Despite fears upon his initial appointment in the summer of 2016 that José Mourinho would neglect Manchester United‘s proud tradition of nurturing homegrown academy products into first-teams stars, several of the club’s youngsters have featured regularly under the Portuguese boss.
England international Marcus Rashford appeared in 35 of United’s 38 Premier League games last term; Scott McTominay was, at one point, given the nod in midfield ahead of the £89million Paul Pogba; and 17-year-old Angel Gomes has made two first-team cameos to give fans a tantalising glimpse into the future.
But the best may yet be to come. Dutch winger Tahith Chong, signed from Feyenoord’s youth ranks two years ago, is shining within the club’s under-age set-up and looks to have all the tools to make an impact at Old Trafford in the not-too-distant future.
The Netherlands youth international suffered a serious cruciate knee-ligament injury last year, forcing him out of action for ten months. Since his return Chong has looked stronger and better than ever, putting in a string of highly impressive performances.
With seven goals and seven assists in 20 outings in the Under-18 Premier League last season, Chong’s form so impressed that he was rewarded with a debut for the under-23s in a January fixture against Tottenham Hotspur under the bright Old Trafford lights.
Taking the promotion in stride, the 18-year-old, not content to simply make up the numbers among his more experienced team-mates, stood out in every possible way.
Distinguishable by his wild mane, the Dutchman confidently took possession at every opportunity, showcasing his dribbling skills, sharp vision, workrate and leadership, directing traffic and conducting play.
Aside from his vast technical attributes, it is Chong’s braveness and maturity that will have most impressed Mourinho; with fellow teenage prodigy Gomes having already featured for the first team, a senior debut for Chong can’t be too far away.
Despite a disappointing 3-1 defeat on the night, Chong looked head and shoulders above every other player on the pitch, marking the occasion with a well-taken goal in the first half.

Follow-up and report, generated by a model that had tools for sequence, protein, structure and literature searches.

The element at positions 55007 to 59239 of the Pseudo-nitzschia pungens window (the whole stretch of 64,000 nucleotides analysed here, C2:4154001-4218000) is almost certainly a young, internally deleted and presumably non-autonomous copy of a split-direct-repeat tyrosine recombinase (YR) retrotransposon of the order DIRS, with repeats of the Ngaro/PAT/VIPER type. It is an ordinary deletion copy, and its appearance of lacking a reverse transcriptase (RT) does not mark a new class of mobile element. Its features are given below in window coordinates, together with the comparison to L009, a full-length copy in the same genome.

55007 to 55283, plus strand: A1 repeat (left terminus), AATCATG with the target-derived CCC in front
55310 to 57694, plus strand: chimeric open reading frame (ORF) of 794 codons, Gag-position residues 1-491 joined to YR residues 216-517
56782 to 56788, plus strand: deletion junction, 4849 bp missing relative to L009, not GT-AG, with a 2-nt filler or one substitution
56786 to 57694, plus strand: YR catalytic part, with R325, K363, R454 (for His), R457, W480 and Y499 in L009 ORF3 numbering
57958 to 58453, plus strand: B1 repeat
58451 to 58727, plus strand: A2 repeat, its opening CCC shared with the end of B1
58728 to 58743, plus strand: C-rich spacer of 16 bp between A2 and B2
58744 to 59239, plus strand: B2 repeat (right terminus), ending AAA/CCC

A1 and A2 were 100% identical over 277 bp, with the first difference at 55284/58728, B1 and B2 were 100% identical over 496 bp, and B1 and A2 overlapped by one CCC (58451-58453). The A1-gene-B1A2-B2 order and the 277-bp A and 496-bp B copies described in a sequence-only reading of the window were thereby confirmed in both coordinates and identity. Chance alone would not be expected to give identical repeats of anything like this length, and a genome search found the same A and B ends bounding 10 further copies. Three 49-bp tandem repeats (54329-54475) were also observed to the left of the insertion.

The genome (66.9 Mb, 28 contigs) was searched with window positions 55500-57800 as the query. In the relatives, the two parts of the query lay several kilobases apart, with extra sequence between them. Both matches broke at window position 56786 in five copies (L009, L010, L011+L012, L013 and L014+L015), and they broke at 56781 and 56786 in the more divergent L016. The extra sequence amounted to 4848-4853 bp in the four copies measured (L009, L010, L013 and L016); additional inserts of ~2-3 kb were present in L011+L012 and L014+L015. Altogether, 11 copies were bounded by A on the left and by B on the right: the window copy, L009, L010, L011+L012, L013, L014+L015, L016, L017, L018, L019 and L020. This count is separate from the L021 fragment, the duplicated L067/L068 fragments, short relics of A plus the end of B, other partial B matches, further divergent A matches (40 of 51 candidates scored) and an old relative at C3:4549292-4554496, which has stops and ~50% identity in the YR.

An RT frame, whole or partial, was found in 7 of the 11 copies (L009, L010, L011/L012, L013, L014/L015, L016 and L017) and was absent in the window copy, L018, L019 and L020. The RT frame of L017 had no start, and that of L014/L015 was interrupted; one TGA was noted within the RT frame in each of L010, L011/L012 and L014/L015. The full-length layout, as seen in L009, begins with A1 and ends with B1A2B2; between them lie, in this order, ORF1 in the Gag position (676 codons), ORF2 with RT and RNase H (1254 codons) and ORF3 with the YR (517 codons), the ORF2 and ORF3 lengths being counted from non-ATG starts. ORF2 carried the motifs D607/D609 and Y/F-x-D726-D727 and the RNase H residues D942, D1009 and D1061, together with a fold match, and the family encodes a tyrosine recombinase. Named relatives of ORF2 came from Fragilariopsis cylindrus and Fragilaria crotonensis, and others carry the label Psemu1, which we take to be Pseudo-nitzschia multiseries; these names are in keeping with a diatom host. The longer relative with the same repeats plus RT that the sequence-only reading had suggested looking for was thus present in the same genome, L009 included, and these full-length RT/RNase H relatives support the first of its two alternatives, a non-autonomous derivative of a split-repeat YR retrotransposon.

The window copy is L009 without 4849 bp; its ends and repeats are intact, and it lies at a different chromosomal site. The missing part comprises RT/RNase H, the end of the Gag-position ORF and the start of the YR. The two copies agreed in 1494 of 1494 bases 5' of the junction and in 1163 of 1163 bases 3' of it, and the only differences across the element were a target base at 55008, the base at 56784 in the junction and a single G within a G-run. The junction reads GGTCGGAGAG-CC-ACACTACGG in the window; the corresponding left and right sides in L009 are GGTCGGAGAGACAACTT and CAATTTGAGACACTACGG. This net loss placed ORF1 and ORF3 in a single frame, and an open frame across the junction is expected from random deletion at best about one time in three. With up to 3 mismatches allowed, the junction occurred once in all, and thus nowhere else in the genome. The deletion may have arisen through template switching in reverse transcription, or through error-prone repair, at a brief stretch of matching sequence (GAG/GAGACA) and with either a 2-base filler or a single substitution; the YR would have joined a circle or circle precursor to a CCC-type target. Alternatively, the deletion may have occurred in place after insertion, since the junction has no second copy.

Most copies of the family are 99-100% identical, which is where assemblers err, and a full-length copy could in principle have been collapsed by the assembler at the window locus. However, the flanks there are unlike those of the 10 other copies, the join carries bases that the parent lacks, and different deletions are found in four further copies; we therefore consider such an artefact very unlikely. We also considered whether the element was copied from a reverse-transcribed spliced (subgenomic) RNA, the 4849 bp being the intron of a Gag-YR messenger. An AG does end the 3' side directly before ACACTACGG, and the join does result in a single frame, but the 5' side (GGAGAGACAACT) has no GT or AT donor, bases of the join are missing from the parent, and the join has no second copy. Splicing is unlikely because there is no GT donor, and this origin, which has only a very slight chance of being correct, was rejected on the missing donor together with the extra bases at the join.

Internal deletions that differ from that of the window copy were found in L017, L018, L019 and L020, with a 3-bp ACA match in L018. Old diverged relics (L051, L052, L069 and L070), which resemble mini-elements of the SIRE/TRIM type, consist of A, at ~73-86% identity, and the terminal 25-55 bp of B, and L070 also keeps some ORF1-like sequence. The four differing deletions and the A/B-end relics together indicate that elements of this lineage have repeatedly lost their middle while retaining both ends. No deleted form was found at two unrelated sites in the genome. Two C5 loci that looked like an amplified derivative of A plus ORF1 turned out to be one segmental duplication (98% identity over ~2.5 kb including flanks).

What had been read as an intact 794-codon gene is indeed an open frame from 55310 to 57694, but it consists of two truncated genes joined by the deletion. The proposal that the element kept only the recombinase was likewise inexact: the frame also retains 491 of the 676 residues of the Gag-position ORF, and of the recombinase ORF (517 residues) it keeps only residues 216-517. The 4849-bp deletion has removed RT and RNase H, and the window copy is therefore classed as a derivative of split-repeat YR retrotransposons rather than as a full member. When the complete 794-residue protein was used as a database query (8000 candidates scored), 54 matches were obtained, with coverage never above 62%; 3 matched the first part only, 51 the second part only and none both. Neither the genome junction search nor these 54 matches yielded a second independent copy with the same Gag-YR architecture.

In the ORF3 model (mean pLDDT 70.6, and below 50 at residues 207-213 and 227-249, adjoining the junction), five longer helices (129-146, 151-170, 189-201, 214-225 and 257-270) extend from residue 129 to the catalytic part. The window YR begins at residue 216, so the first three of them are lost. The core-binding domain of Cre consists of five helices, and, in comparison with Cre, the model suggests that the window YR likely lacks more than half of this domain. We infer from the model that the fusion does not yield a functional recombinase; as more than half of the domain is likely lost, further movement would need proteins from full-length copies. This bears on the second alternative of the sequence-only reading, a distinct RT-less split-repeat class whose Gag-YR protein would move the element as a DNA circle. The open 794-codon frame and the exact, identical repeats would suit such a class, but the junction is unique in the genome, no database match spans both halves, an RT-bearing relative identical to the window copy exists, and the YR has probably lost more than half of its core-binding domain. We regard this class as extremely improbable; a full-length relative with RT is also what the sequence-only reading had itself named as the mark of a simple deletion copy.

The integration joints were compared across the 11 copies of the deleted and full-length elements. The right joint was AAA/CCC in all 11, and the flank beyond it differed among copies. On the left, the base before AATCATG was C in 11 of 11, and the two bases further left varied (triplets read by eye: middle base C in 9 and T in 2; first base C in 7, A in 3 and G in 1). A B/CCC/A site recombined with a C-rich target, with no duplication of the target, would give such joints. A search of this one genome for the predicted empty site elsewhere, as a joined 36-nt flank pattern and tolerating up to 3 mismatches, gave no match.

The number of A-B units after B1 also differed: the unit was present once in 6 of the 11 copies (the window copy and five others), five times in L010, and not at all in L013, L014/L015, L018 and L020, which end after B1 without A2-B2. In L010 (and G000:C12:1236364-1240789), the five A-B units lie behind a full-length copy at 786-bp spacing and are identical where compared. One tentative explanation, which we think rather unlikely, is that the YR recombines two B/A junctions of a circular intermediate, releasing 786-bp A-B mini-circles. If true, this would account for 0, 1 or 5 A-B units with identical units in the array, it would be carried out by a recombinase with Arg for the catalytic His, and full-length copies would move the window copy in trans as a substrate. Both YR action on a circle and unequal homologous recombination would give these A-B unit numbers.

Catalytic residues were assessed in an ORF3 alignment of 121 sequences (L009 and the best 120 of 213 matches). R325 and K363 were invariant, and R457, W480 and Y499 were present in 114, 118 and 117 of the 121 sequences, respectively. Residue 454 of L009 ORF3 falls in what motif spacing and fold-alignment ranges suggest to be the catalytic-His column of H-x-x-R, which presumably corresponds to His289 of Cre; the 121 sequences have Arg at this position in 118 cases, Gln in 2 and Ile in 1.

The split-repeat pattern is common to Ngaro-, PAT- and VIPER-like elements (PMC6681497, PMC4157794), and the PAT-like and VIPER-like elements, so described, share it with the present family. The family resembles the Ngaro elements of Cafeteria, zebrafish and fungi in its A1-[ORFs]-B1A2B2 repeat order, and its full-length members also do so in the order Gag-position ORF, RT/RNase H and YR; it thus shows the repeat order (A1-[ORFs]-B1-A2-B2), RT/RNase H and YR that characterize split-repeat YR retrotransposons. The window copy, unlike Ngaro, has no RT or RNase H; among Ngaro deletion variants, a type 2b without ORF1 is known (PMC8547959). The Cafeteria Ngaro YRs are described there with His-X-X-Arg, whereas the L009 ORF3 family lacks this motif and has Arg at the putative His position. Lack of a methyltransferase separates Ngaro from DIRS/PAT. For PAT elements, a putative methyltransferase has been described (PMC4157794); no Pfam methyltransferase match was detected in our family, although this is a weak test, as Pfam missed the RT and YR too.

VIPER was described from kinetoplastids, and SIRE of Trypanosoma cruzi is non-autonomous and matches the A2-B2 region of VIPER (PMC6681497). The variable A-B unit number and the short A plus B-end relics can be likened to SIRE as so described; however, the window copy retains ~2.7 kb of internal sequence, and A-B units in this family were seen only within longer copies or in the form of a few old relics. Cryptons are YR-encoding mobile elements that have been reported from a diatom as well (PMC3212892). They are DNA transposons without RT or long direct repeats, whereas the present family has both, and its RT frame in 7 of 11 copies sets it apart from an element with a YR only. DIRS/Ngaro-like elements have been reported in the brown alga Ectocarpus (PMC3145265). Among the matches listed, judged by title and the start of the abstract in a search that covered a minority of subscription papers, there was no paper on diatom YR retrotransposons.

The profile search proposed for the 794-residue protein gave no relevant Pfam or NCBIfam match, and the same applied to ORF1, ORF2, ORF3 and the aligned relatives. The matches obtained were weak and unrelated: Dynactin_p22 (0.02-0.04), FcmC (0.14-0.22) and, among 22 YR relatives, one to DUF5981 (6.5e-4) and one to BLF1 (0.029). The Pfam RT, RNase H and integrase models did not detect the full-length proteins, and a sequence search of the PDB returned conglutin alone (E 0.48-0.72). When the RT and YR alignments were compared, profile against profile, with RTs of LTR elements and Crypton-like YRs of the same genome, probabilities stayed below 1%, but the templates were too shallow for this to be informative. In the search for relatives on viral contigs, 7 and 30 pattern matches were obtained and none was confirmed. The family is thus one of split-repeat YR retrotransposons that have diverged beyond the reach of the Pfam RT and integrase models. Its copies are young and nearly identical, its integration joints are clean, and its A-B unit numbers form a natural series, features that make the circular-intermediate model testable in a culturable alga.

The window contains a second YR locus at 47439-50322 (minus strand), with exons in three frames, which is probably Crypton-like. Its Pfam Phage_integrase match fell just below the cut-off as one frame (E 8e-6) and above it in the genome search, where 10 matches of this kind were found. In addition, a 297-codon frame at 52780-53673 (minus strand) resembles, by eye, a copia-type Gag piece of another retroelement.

Below, we see how Chong’s alertness and anticipation led to his goal against Tottenham. As the Spurs player in possession looks to play the ball back across the face of his own penalty area, the United No.7 spots the chance to intercept.
Having read the play perfectly to steal the ball, Chong then makes a beeline for goal, powering past the deepest Tottenham defender with electric pace and immaculate close control.
When through on goal, Chong is coolness personified, gently caressing the ball beyond the helpless goalkeeper, nestling into the far corner.
Chong’s most striking attribute is unquestionably his dribbling. But when combined with his commendable workrate and willingness to track back and defend, the Dutchman’s ability to ghost past opponents becomes a powerful weapon when transitioning from defence into attack.
We see this in perfect evidence here, where Chong has tracked back deep into his own half and won possession with a clean yet firm challenge.
His first thought then is immediately to drive his team forward, bursting into the opposition half at breakneck speed; even when carrying the ball, Chong is too fast for opponents to keep up with in a straight race.
Taking the ball deep into opposition territory, Chong draws the attention of four defenders on the edge of the penalty area before sliding a pass through for striker Josh Bohui to shoot for goal.
This time, we see how Chong’s raw speed and ability to progress the ball helps alleviate pressure in defensive situations. Picking up a loose ball inside his own penalty area, once again, he is off and running, carrying possession clear of the danger zone, but doing so in a controlled manner, protecting the ball rather than lumping it clear and gifting in straight back to Spurs.
As he approaches the halfway line, it looks as though Chong’s progress has been halted as he is closed down by a Tottenham midfielder, but an improvised, Cruyff-esque turn inside into space allows him to keep travelling forward.
Finally, Chong is stopped, but by illegal means, winning a free-kick for his side a full 45 yards from where he first collected the ball, taking United further up the field and maintaining control of possession throughout.
Chong is capable of playing on either wing, but he tends to start most regularly on the right side, drifting around the pitch as he sees fit and cutting inside on to his favoured left foot.
An expert at identifying and exploiting space ahead of him, Chong is near-impossible for opposing sides to man-mark. As the above image shows, from an under-18s game against Stoke City, the former Feyenoord teenager will drift right the way across the pitch in order to poke holes in the opposition’s backline.
As he drives forward towards the penalty area, Chong intelligently uses the unmarked winger to his left as a decoy, fooling the two attending Stoke defenders into thinking a simple square pass is on the cards before skilfully running between them into the box.
As he approaches the byline, now on his stronger left side, Chong produces a dangerous, low, whipped cross which flashes across the six-yard box, begging to be dispatched by an on-rushing striker.
With his pace, control, balance and work ethic, Chong’s brand of wingplay is a throwback to the days when Ryan Giggs and Andrei Kanchelskis would fly down the flanks at Old Trafford. And with a fan base which holds both dynamic wide men and academy graduates is high esteem, Chong is a sure to be a hit at United.